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When Should You Start Investing in Real Estate

People are investing every day. A lot of people put their trust in a mutual fund manager that takes out a large commission. Others will only tuck away money in their 401k for retirement. The issue is that by not being a hands-on investor, you’re leaving a lot of money on the table.

And even if you invest in an REIT (real estate investment trust), this will help you jump-start your foray into real estate.

But I will be honest with you: nothing beats investing in real estate on your own. When you purchase a rental home or flip a property, you’re taking the helm with your investment and will be able to reap all of the profits as a result.

Every investor will have their own “perfect scenario” when investing in real estate, but a few guidelines that can help along the way include:

1.     Own a Home First

There is a big debate on whether or not you should own a home before investing in real estate. And it really depends on the situation. The idea behind owning a home first is that you’ll have somewhere to call your own.

People can, normally, get a mortgage for their own residence. But it becomes much harder to get a second mortgage. If you were to buy a rundown fixer-upper, you’ll need cash or a mortgage. If you have one mortgage tied up in a fixer-upper, it will be harder to buy a primary home.

There is also another reason to get your own home first: equity.

If you’ve lived in your home for 10 years, for example, you can take out a loan on the equity of the home. What this allows is for a fast, accessible way to purchase property. You could take out a home equity line of credit for $20,000 and snatch up numerous properties with low interest rates.

In the event that you don’t foresee homeownership in the near future, or even in the next 5 years, this piece of advice can be overlooked.

2.     Your Finances Are Stable

Do not go into debt to start investing. This is good practice with all investment types, from stocks to bonds and real estate. The rule of thumb is if you do not have money to invest, you should not be investing.

Make sure that you have stable financials that will allow you to:

  •     Receive owner finances
  •     Pay all debt and financial responsibilities comfortably
  •     Get a loan if necessary

Rarely do people purchase a home without taking out debt, and loans are an acceptable financial vehicle when investing in real estate, but don’t take out a loan you can’t afford.

If you have stable finances and have money to invest month after month, you’re ready to invest in real estate.

But make a plan on what type of real estate you want to invest in:

  •     Land
  •     Fixer-uppers

If you want to invest in land, make sure you save up a lot of money so that you can make your purchase. Land can be had with buyer financing, but a lot of plots will sell for cash, so you’ll need some cash to buy a profitable lot.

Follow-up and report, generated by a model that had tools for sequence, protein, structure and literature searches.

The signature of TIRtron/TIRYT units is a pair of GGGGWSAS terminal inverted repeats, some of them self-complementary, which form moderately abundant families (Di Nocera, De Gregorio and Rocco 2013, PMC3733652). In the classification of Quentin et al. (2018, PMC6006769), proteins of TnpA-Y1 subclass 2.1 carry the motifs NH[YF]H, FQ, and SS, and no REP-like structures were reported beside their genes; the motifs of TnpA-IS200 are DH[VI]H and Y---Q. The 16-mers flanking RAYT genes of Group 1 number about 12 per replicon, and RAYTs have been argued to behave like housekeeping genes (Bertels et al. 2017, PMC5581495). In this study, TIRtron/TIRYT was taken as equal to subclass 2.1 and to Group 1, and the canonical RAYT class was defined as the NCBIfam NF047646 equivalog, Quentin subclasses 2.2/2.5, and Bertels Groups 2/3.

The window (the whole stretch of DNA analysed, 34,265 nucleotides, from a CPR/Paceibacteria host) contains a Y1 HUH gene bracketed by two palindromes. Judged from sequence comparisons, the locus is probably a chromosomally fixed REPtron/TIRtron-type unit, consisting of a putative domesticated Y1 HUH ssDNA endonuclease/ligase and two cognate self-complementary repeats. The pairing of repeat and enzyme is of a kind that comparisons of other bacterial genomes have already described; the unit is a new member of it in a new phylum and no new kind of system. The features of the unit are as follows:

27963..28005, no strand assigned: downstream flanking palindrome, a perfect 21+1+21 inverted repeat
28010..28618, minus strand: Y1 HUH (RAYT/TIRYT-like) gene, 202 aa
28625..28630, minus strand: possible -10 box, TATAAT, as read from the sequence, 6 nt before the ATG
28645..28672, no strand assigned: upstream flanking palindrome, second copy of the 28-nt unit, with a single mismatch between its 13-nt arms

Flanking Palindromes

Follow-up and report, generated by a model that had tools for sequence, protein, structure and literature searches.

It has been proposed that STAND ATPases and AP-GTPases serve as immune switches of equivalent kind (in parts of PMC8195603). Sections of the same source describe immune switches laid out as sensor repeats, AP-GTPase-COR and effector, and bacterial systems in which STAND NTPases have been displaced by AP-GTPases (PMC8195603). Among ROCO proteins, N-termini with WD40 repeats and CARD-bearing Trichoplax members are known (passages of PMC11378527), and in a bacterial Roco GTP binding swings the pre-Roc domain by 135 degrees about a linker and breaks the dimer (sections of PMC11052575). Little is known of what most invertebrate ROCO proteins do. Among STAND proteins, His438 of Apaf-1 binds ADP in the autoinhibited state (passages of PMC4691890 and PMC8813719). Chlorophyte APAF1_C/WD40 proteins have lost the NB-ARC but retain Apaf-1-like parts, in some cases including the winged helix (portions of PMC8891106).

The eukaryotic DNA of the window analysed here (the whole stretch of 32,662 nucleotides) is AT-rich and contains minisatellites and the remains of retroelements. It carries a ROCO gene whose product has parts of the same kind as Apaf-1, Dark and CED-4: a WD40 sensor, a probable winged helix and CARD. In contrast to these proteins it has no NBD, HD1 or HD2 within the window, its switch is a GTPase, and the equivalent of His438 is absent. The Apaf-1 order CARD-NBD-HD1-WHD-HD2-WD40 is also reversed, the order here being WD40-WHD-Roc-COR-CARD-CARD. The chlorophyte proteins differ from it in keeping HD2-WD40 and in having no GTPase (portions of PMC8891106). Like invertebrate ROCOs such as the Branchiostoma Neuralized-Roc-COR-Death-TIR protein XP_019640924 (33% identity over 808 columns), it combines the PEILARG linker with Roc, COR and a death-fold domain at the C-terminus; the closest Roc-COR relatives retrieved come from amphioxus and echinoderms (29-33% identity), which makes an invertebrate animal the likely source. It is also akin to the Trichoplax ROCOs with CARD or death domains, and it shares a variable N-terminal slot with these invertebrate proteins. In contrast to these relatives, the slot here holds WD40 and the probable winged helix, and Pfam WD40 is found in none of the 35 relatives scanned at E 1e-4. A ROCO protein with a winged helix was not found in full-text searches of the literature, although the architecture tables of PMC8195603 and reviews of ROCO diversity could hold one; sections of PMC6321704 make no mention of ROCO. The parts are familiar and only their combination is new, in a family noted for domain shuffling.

Anyone wanting to buy a fixer-upper will want to be pre-approved beforehand. Fixer-uppers can be purchased for rock bottom prices, and many will have too high of a price for a person to make an all-cash purchase. If you want to buy a fixer-upper and flip it, get pre-approved beforehand so that you can buy a house you want once it hits the market.

3.     Invest at Any Age

There is no magical number or calculation that says: invest when you’re 30, 40, 50 and so on. The truth is that you can invest at any age, but you do need stable finances to be able to get started. If you have your tax refund, you have enough money to buy a vacant property. This is based off of the average tax refund of $3,000 per year – and some people get a much larger refund, too.

The idea with investments, physical investments that can be touched, such as real estate, is that you want to use money you can live without. For example, if you have a nice nest egg, all your bills are up to date and the money you would invest with just swells your already-large savings account, this is money you could afford to lose.

But with real estate, there is a much lower risk of losing your investment. Physical, tangible items will always hold some level of value. A plot of one-acre will have a value today and 1,000 years from now, barring any catastrophic event, such as a nuclear meltdown making the land uninhabitable.

4.     Learn the Ropes and Scale

When you’re ready to invest, start slow and scale up as you get accustomed to investing in real estate. Many people will think: great, I bought a plot in Colorado overlooking the mountains, I’ll be rich. But this isn’t the case.

The land will grow in value, and it’s up to you if you want to hold onto the property and let it appreciate over time.

Others will learn that they can:

  •     Lease the land to farmers
  •     Lease the land to hunters
  •     Lease the land for timber
  •     Build a home and sell the property
  •     Farm the property

There are countless options when you own real estate, but they all take time to come to fruition, and they can also be expensive. So, buy a property and learn how to invest properly. Once you understand all of the expenses and requirements that come with owning real estate, you can then scale up operations.

Investors may have a large portfolio of properties, too. Some will own rental houses, leased land, flip houses and so on.

But the best portfolio is always a diverse portfolio. These are portfolios where a person makes money through a variety of sources: i.e. selling the property, renting and leasing. The right portfolio will pay cash monthly, with large lump sums coming periodically from selling real estate for a profit.